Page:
Local recording studio does it all


By Nicole Crawford

Stop me if you’ve heard this one before.

What do rapper Snoop Dogg, local favorites Grasshopper Takeover and a cartoon about the American Revolution have in common? Give up? The answer is Warehouse Productions.

It seems that Omaha has its very own diamond in the rough when it comes to audio production complexes. It goes by the name of Warehouse Productions.

Established in the 1950s and formerly named Sears Productions, Warehouse sits quietly in a deceivingly plain building on 44th Street between Dodge and Farnam.

What passers-by don’t realize is the boxy, gray frame houses a 40,000 cubic foot broadcast production suite which Vice President Terri Ware says is “acoustically perfect.”

Designed as an exact replica of Los Angeles studio Ocean Way, Warehouse Productions has made its name by living up to its Hollywood make-up.

The company’s history lists audio mixing and mastering of all genres. Included are nationally televised commercials, local radio spots and post-film productions, as well as work with jazz bands, full-blown orchestras, church choirs and garage-spawned rock-and-roll trios. Warehouse Productions is also responsible for turning out Chip Davis’ first Mannheim Steamroller and Fresh Aire albums.

Ware speaks in high regard about the company, which she runs with her husband Tom, who serves as CEO.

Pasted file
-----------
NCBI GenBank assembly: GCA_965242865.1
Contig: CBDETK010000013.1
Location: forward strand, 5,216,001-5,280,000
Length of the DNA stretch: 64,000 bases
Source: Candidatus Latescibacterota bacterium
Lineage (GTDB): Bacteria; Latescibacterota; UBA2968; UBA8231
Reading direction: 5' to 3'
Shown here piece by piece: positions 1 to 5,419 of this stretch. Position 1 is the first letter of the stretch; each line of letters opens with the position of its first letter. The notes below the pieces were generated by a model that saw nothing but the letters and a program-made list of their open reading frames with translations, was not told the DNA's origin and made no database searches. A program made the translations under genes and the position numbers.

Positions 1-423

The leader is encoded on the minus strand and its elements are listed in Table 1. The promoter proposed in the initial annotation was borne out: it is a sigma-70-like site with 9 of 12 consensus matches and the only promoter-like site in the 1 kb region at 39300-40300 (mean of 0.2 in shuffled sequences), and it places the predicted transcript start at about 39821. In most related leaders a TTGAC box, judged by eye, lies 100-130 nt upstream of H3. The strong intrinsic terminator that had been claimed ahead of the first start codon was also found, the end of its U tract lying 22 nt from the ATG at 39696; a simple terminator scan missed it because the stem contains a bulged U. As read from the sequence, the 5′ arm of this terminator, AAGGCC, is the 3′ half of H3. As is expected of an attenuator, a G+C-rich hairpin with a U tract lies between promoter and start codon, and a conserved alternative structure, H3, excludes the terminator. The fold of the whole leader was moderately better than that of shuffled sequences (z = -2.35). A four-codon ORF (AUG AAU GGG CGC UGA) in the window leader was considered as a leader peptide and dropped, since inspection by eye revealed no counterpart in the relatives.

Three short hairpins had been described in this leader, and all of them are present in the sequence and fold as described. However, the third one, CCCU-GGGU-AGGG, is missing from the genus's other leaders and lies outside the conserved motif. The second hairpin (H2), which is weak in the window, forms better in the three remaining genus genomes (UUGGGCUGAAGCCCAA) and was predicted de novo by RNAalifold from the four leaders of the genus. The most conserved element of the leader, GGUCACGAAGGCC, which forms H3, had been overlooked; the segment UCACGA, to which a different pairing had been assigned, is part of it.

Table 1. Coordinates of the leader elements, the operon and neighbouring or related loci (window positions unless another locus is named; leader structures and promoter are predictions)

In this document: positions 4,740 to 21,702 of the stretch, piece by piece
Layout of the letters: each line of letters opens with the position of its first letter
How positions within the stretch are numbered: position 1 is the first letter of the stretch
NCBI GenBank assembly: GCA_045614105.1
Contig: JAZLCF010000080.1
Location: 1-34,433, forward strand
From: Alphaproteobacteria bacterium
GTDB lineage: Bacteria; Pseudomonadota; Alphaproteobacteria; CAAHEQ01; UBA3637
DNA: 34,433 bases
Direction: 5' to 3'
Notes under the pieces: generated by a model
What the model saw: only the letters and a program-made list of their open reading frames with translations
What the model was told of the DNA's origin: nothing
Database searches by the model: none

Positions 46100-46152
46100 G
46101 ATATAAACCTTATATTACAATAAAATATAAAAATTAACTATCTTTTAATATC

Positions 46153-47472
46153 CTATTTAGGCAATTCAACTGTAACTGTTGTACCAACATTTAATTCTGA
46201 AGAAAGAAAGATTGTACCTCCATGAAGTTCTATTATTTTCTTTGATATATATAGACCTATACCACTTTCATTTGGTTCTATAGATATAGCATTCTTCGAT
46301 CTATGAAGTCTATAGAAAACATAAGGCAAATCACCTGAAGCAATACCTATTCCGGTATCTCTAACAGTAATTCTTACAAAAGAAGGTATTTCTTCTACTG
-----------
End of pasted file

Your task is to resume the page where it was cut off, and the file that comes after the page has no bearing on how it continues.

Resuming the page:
“Omaha is being recognized these days for its amazing raw, local talent,” she said. “What we offer is a place to get people’s projects together by mixing and mastering all the material in house, as we’ve always done. A sense of continuity is lost when someone has to take their project to two or three different places. Everything anyone would need to create a national-sounding master copy of their work is all under this roof. It’s a combination of all these things that can be heard in any finished product that comes from here.”

Some of Omaha’s most well-known local acts, including Cheshire Grin, the Venaculas and Grasshopper Takeover, are regulars at Warehouse. Ware says there are several other works in progress but would not divulge any information on them.

And what about the cartoon about the American Revolution? With Hollywood voice-overs reading from the likes of Dustin Hoffman, Whoopie Goldberg and Arnold Schwarzenegger, the animated show Liberty’s Kids had its sound pieced together at Warehouse in collaboration with the big boys at Universal Studios in California. Recently picked up by TBS and scheduled to air at the beginning of September, the series reads as a history lesson much more interesting than your eighth grade history class ever was. None of the above-mentioned stars were ever roaming around the Dundee area. Still, the majority of the cartoon’s music and sound effects were done right here in the Big O.

One big star has stopped at Warehouse lately. On a fairly recent visit to the heartland, headliner Snoop Dogg and his Dogg Pound dropped by Warehouse Productions for a little recording session.

He and his posse spent a daylong session holed up in one of the company’s three production suites. The crew spent seven hours recording a well-groomed half-hour of radio time that is sure to carry Warehouse’s perfectly mastered sound, if nothing else.


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